Just to add, here are the distribution plots from one of the refinements

@PVK any update on re-running refinement with different params?

@olibclarke also if you have any more details about similar cases you’ve seen let me know


I wonder if you managed to get around this issue? I am facing a similar problem.

Hello, I am having similar problems with my protein. It is a an elongated dimer (~ 100 kDa). I performed several rounds of heterogeneous refinements to get rid of some of the heterogeneity. The 2D classes look alright, but there is some preferred orientations. The ab initio 3D model doesn’t look bad, but I haven’t been able to get a reasonable refined map.

The FSC curves are all over the place (both with regular refinement and NU refinement); and even when the FSC curves look a bit more normal, the actual map has clear artifacts such as ‘shells’ of density in the solvent area.

This is how it looks with regular refinement (default settings).

This is how it looks with NU refinement (default settings)


this is what I mean by ‘shells’ of density in the solvent area (top view)

This is what it looks like when I turn off the adaptive marginalization

@apunjani @olibclarke do you think it could be related to the size of the box? The particle is quite long in one dimension (~120 angstroms) but very small in the other dimension (~ 45 angstroms). Any help is greatly appreciated!!

Also, this is what the distribution of orientations looks like.

Please let me know if you get any further with this issue! My protein has basically the same shape as yours and I have similar problems. What helped me a lot to get a good starting model was to decrease the maximum/initial resolution of the ab initio job to 5/7 Å. I also saw some improvements by decreasing the Initial lowpass resolution to 12 Å in refinement jobs.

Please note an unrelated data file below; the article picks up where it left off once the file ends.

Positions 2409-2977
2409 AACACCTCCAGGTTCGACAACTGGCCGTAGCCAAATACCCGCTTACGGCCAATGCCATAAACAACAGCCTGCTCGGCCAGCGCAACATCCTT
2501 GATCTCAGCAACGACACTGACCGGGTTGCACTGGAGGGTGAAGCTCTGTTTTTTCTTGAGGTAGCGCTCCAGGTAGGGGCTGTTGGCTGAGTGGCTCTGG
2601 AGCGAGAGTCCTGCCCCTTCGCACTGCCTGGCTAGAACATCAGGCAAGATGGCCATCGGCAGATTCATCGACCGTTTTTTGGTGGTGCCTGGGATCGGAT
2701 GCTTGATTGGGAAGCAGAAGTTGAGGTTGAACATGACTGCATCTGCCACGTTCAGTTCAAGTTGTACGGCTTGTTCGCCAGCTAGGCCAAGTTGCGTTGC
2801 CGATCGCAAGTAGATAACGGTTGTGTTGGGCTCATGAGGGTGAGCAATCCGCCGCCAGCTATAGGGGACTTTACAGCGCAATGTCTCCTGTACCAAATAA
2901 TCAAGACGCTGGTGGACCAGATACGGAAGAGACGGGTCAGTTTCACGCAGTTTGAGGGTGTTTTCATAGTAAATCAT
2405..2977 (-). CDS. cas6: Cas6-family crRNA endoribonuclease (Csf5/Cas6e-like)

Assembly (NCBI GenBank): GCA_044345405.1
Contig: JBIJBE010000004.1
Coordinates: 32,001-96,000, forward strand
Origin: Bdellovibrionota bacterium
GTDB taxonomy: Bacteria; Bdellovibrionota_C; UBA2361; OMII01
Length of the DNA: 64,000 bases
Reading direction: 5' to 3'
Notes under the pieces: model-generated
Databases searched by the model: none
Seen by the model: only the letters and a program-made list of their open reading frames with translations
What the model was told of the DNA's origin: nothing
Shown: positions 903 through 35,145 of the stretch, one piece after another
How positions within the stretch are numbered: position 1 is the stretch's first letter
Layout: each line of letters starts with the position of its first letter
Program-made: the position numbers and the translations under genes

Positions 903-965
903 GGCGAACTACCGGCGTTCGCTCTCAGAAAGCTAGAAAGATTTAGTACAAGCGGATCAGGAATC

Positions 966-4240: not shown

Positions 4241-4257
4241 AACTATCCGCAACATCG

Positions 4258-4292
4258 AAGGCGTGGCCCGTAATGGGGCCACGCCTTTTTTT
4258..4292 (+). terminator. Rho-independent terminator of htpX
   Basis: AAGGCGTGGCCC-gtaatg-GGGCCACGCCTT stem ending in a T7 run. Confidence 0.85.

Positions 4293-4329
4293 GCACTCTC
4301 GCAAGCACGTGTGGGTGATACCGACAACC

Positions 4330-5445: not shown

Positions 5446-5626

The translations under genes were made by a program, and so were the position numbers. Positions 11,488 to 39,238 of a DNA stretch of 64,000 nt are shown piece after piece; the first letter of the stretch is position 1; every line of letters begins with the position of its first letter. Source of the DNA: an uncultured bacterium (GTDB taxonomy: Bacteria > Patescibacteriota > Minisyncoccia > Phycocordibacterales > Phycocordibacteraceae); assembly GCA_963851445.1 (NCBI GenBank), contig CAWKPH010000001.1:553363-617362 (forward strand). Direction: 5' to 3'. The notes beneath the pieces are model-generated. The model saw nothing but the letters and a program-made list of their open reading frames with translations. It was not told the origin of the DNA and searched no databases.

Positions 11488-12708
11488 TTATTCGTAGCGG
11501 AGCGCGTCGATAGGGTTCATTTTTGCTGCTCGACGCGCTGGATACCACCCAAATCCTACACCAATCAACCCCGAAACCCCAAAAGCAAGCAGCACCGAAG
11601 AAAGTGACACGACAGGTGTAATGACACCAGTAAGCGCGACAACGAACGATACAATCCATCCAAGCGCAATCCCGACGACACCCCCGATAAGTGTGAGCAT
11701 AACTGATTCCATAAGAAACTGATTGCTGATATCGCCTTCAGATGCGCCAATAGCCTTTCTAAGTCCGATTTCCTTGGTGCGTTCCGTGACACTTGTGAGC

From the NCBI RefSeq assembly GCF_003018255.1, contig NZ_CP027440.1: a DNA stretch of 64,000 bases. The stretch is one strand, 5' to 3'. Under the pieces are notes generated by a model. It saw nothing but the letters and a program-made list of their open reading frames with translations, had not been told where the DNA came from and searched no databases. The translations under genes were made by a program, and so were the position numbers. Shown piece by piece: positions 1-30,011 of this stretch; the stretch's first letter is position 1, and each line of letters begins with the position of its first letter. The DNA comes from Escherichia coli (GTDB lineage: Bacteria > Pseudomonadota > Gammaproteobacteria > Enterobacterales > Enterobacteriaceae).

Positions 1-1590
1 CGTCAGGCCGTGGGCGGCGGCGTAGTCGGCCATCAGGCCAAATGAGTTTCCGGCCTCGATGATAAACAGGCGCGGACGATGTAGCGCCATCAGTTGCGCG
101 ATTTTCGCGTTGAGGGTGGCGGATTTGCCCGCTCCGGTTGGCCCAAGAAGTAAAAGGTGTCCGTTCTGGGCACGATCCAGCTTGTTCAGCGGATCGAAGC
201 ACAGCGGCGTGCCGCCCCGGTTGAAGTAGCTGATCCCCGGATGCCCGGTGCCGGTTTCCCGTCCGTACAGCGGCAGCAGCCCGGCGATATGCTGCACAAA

I suspect that preferred orientations might be the culprit. I have just collected a tilted dataset and hope that will help out a bit.

Thank you @emil I’ll try your recommendations and let you know if that (or anything else) helps.

With my reconstructions, the weird FSC curves usually arise in early stages of refinement when there are still significant # of “bad particles”. Subsequent rounds of 2D classification/het refinement has usually been helpful in filtering out the bad particles, although the “resolution gets worse”, the FSC curves usually tend be more believable.

In my hands the shells of density have appeared when my mask is not soft enough or my box size is not big enough. Whenever I see these weird features appear in the refinements, I try to keep the mask static. (The circular mask diameter has not made things any better or worse for me.)

Not sure if the above makes sense or would help you but it seemed to have helped with my reconstructions.

I agree with @schow
My reconstructions had similar shells of density when the mask was either too tight or when there was still heterogeneity in the particle stack. My refinements improved after separating different states by hetero refinements, 2D classification and 3D variability analysis before refining each 3D cluster independently. With those refinements I could tighten the dynamic mask without causing artifacts.

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@schow @lizellelubbe

Thanks a lot! I will keep on processing. :slight_smile:

Thanks a lot @schow @lizellelubbe, I’ll give that a try!